With its new "Ludicrous" mode, the Tesla Model S P85D can do 0 to 60 mph in 2.8 seconds. But it's not the fastest electric car around, not by a long shot.
In 2010, the Venturi Buckeye Bullet 2.5 (VBB-2.5) streamliner set a land-speed record at the Bonneville Salt Flats in Utah, reaching more than 300 mph.
This year its creators--France's Venturi Automobiles and Ohio State University--are back for another go with an improved design.
SEE ALSO: At 307 MPH, Ohio-Built Electric Racer Is Anything But Slow (Aug 2010)
UPDATE: The article below was published on July 21, 2015. On August 27, Venturi sent out a statement noting that its new VBB-3 streamliner had achieved a new Land Speed Record (subject to official certification) for one-mile speed in an electric car.
That record was 240.320 mph (386.757 kph).
Very wet conditions on the Bonneville Salt Flats caused the cancellation of Bonneville Speed Week, which was to have been held August 8-14. A heavy rainstorm on August 7 did significant damage to the surface, and the Venturi team couldn't even set up a temporary building until the week of August 15.
Testing didn't start until August 19, and wet, bumpy conditions in parts of its truncated 10-mile length produced vibrations and shaking in the VBB-3 that ultimately disrupted its electric system. The car's sole record run on August 21 was ended when when the front cooling tank was pierced on the return leg.
Roger Schroer, who drove the VBB-3, said, "In eleven years here I have never driven on such a difficult track. The car was sliding on the surface from one side to the other due to soft spots and bumps."
With the safety of its driver the primary concern, the Venturi team withdrew without having beaten its prior overall World Land Speed Record record this year.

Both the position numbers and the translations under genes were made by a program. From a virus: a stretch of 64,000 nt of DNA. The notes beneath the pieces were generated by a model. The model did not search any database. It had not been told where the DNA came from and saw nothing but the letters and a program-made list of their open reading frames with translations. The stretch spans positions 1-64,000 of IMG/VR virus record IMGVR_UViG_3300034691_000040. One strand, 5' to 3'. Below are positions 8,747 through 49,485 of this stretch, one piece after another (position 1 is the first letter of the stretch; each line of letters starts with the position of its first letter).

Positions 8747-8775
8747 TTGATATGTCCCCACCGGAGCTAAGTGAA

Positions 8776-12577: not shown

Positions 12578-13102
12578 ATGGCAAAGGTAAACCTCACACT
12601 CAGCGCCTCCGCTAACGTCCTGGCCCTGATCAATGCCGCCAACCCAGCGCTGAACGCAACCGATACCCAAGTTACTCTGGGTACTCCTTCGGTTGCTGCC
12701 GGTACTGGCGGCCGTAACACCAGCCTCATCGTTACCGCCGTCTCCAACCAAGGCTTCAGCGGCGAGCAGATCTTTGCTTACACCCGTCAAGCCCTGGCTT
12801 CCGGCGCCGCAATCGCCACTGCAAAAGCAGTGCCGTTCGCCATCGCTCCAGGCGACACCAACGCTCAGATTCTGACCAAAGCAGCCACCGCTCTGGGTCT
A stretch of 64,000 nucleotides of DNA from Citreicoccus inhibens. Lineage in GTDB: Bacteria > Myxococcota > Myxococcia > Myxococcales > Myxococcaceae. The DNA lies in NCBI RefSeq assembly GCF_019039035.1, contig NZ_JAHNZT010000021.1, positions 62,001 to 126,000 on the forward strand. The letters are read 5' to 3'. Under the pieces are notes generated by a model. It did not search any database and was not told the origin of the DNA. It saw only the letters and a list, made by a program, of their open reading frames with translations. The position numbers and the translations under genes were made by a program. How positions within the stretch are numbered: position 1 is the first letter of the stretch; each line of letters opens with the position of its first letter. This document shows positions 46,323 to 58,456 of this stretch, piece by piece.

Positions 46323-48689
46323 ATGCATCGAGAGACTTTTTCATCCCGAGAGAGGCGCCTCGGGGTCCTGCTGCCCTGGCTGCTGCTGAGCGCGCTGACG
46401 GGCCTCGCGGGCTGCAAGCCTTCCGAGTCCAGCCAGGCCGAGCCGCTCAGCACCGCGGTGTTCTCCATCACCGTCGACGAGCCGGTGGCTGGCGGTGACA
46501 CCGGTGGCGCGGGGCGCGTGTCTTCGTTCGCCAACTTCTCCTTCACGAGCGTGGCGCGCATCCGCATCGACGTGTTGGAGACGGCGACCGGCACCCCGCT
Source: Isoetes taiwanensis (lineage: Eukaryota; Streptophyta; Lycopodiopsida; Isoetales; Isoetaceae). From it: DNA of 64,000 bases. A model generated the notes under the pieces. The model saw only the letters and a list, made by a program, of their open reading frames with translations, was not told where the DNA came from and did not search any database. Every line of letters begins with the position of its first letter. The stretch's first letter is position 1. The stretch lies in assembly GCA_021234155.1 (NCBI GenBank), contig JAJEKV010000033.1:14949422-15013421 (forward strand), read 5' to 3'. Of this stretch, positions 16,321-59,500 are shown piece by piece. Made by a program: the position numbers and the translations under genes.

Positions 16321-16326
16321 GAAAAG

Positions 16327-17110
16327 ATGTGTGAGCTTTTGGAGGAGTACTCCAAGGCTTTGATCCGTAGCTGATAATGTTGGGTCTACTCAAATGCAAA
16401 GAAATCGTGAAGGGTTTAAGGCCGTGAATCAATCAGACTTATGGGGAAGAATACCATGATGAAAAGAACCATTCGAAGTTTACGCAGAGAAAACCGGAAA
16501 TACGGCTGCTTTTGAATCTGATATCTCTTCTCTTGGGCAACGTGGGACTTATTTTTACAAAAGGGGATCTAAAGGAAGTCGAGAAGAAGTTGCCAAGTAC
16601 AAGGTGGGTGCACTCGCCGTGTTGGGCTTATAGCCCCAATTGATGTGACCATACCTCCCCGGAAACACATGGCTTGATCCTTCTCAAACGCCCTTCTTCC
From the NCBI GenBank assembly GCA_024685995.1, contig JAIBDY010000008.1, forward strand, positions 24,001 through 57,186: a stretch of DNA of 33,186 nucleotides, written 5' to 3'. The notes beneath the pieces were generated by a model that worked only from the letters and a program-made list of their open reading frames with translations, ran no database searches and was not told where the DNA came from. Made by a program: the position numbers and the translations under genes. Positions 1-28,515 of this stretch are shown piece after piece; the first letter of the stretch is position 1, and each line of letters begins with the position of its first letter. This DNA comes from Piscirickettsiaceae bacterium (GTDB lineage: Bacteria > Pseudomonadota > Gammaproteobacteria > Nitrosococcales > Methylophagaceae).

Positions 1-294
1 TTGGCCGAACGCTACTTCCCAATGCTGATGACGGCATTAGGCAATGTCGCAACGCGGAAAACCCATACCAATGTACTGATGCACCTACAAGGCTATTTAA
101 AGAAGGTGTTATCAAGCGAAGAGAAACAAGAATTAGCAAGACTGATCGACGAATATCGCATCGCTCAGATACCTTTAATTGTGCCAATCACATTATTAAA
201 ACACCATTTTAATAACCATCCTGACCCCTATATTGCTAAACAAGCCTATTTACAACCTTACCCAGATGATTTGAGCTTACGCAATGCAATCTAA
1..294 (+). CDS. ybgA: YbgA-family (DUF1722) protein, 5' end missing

Venturi Buckeye Bullet 3
The Venturi Buckeye Bullet 3 (VBB-3) boasts 3,000 horsepower, and the team wants to see it reach 600 kph (373 mph) this August.
Billed as the world's most powerful electric car, VBB-3 will have to exceed the land-speed record set by its predecessor five years ago.
The record currently stands at an average 307.6 mph, and was set by Ohio State University Transportation Research Center test driver Roger Schroer--who will pilot VBB-3 this year.
Official records use an average of runs in both directions. In 2010, Schroer actually hit a top speed of 320 mph in one direction.
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The new car's 3,000 hp is a significant improvement over the previous version's 800 hp.
Whereas the VBB-2.5 iteration that set the land speed record was front-wheel drive, VBB-3 will benefit from all-wheel drive.
The roughly 37-foot-long car features a carbon fiber and aluminum honeycomb composite tub chassis, with carbon-fiber bodywork.
The car is nicknamed "Jamais Contente" (Never Satisfied), in honor of Camille Jenatzy and his historic electric car of the same name.
On April 29, 1899, Jenatzy broke the 100-kph (62 mph) barrier for land vehicles in Jamais Contente.
Venturi Buckeye Bullet 2.5
During summer 2013 and 2014, heavy storms flooded the Bonneville Salt Flats, making record attempts impossible.
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While there is a possibility similar conditions will spoil record runs this year, Venturi and Ohio State are still planning to make the trek to Utah.
The VBB-3 electric car will be unveiled on the first day of the annual Speed Week event, August 8.
Its record attempts will take place August 17-21.